Meanwhile in New Zealand, Englishman Joseph Nathan establishes a general trading company called Joseph Nathan &amp, Co. By 1904, the company began exporting dried milk powder to London, which was trademarked as Glaxo two years later. In 1908, the Glaxo department of Joseph Nathan &amp, Co opened in London.

Back in the USA, Smith Kline and Company increased its portfolio of consumer brands by acquiring French, Richards and Company. In 1910, a range of iron tablets, lozenges and poison ivy lotion, called the Blue Line, was added to the company – then called Smith, Kline and French. Nine years later, Mahlon Kline began sending pharmaceutical samples through the mail to doctors across the US.

Glaxo’s first pharmaceutical product was the vitamin D preparation, Ostelin, in 1924. The company built new research facilities in 1935, called Glaxo Laboratories, which absorbed Joseph Nathan &amp, Co in 1947. In the same year, Glaxo was listed for the first time on the London Stock Exchange.

The middle – merging many into one

The 1950s signified a revolution in the treatment of mental illness, after Smith, Kline and French introduced the anti-psychotic drug, thorazine (chlorpromazine). This drug was the product of reference in the first generation of central nervous system drugs. In 1969, Smith, Kline and French entered the clinical laboratories business and purchased seven laboratories in the US and one in Canada.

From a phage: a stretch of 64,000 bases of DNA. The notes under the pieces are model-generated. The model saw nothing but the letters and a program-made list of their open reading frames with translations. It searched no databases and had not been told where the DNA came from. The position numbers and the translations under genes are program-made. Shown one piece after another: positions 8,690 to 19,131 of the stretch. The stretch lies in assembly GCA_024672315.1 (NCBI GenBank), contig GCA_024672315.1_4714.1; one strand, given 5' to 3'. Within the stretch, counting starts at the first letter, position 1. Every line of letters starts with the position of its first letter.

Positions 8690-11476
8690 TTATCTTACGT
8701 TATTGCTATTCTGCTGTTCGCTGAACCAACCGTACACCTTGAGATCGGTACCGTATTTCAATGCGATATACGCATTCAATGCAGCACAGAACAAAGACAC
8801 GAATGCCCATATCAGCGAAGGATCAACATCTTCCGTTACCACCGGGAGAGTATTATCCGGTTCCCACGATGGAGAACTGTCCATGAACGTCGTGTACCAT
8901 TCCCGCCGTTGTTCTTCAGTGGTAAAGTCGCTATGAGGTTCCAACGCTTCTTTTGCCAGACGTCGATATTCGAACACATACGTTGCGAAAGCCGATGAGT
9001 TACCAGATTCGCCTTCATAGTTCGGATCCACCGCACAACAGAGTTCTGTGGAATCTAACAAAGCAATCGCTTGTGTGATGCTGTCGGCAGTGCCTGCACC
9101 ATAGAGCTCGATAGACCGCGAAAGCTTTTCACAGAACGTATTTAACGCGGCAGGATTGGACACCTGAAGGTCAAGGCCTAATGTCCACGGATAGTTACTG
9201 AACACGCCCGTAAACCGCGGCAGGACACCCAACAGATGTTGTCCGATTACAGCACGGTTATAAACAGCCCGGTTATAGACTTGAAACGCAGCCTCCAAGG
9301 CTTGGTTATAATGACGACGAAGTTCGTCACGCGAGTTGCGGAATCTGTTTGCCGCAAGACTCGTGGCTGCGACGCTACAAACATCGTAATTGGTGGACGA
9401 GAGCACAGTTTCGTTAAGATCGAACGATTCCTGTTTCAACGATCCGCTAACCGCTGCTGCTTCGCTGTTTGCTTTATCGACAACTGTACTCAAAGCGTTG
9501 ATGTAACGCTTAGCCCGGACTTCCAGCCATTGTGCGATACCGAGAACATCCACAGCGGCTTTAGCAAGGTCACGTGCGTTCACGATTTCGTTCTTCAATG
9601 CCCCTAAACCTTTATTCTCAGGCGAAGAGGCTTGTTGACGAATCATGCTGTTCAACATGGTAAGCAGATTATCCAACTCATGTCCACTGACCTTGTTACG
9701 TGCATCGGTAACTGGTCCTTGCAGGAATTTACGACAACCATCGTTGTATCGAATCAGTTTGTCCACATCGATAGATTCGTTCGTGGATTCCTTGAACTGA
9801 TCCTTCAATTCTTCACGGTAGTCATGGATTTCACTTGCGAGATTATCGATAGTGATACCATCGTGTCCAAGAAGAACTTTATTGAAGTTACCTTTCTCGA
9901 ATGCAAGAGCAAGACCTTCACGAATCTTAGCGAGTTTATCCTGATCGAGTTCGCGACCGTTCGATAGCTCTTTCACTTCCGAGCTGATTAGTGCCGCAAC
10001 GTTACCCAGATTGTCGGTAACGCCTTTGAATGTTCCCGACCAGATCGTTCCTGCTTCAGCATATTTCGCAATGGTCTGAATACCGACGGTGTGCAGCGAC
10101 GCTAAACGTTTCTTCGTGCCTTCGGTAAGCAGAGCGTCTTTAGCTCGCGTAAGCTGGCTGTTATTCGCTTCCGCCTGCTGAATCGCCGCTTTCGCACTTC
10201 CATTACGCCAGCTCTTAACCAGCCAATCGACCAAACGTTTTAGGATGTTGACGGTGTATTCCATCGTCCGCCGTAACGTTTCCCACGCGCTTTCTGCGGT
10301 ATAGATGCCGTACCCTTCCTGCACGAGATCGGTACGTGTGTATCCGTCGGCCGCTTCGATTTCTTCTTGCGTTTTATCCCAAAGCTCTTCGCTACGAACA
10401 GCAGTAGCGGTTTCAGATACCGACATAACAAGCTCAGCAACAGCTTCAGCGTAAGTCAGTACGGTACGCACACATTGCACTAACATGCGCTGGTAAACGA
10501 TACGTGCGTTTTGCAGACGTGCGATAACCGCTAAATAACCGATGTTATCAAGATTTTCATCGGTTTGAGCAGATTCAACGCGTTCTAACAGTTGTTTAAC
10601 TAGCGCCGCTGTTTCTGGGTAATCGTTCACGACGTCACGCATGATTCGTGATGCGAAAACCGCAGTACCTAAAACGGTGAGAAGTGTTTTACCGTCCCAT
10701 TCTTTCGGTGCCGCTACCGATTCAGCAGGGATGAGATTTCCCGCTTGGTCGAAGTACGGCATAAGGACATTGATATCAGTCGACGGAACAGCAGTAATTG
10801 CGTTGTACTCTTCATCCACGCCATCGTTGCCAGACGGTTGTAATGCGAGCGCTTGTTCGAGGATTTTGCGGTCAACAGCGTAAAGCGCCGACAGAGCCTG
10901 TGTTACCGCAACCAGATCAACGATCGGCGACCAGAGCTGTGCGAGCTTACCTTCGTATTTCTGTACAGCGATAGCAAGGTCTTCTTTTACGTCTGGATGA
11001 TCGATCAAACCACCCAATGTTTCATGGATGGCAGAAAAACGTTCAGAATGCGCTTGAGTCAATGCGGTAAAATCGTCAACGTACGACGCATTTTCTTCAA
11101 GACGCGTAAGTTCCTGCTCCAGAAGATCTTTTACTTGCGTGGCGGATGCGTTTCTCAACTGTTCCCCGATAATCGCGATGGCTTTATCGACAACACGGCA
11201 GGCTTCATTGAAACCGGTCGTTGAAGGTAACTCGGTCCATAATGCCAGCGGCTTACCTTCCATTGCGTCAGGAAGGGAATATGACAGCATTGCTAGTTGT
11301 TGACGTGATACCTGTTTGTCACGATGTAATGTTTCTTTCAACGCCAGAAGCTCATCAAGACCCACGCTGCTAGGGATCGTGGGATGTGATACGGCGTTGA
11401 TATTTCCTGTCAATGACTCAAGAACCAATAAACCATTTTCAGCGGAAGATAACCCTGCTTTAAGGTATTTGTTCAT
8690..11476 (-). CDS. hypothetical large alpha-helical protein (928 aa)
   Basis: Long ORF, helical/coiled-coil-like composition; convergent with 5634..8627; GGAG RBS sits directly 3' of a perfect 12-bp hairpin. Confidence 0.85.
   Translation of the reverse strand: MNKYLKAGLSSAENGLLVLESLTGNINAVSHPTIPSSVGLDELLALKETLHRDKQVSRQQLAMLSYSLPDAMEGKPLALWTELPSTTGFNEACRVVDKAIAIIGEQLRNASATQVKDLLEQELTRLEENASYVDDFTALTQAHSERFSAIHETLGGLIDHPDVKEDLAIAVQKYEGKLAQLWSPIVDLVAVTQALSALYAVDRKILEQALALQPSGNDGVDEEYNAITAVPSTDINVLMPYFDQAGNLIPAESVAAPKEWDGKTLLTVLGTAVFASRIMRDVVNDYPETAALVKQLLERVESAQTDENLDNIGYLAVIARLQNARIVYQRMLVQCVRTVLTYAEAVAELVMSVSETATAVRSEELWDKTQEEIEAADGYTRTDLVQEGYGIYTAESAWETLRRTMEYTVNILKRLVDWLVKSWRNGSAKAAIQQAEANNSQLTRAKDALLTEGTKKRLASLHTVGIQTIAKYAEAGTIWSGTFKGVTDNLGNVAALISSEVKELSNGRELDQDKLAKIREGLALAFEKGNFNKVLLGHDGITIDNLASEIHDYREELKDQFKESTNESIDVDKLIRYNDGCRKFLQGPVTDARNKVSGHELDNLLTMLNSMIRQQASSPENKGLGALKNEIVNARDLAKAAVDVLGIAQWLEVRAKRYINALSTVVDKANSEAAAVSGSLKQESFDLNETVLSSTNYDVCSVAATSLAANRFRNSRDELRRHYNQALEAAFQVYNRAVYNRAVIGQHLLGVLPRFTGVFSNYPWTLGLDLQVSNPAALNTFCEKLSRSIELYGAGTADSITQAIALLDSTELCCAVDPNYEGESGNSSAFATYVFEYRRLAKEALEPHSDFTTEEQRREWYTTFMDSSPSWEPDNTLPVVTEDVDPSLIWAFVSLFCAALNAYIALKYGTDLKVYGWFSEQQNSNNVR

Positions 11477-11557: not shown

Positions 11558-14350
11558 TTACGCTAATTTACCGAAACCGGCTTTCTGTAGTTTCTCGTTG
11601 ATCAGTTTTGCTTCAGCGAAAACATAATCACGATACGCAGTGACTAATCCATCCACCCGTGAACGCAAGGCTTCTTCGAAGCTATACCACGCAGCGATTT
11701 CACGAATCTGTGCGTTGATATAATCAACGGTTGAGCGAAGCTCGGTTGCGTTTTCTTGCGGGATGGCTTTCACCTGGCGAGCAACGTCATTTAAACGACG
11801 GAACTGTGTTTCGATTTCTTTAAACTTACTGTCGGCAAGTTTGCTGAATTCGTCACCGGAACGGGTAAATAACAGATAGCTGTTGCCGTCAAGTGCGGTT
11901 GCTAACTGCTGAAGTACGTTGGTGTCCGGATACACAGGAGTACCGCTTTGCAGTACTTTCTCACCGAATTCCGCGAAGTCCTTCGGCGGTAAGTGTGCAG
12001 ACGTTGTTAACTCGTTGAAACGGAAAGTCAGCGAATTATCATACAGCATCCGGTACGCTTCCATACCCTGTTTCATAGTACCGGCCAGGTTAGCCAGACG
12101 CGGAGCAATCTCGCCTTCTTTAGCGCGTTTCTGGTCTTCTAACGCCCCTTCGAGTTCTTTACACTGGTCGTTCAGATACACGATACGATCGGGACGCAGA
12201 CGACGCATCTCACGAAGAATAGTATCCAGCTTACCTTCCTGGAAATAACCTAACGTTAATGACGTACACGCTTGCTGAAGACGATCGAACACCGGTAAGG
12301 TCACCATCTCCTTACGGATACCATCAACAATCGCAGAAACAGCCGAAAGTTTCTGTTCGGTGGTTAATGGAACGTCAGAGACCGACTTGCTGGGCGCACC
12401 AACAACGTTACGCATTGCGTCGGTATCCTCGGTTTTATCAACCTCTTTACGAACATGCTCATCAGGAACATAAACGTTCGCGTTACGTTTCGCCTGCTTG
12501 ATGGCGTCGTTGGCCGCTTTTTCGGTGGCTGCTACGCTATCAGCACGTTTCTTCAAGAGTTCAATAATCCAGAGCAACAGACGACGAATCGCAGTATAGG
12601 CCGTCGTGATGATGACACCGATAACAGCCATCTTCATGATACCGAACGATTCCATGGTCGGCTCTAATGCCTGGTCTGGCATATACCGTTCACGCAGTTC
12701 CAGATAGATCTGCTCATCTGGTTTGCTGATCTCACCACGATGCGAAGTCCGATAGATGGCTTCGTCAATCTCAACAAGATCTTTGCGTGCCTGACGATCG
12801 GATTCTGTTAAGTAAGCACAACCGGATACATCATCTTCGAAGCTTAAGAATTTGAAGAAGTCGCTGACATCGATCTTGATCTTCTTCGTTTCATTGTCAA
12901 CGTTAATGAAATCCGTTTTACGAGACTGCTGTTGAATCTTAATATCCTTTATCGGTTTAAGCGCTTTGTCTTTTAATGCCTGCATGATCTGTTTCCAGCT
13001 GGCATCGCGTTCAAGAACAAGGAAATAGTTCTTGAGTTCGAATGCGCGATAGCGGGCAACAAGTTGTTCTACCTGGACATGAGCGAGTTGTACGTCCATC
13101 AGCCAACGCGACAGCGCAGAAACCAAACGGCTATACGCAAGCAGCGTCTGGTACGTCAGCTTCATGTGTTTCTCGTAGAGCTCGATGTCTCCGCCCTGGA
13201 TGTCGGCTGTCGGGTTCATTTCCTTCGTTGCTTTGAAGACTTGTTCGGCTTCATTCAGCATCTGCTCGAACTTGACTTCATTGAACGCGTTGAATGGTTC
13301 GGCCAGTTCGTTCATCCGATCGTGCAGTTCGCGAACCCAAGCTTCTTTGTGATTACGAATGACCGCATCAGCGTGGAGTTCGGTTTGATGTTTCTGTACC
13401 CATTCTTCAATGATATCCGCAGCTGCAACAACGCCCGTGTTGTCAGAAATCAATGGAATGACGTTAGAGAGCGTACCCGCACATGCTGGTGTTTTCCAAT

Between 1938 and 1972, Beecham (formerly Beecham’s Pills) acquired products still well-known today, such as Macleans toothpaste, Lucozade energy-replacement drinks and men’s hair application, Brylcreem. The company also began a pharmaceutical research lab, called Beecham Research Laboratories and in 1945, the companies, along with an allergy vaccines company, merged into one – the Beecham Group plc.

In 1972, Beecham Group plc was unsuccessful in its bid for Glaxo Group Ltd – and Glaxo was unsuccessful in its attempt to merge with UK chemists Boots.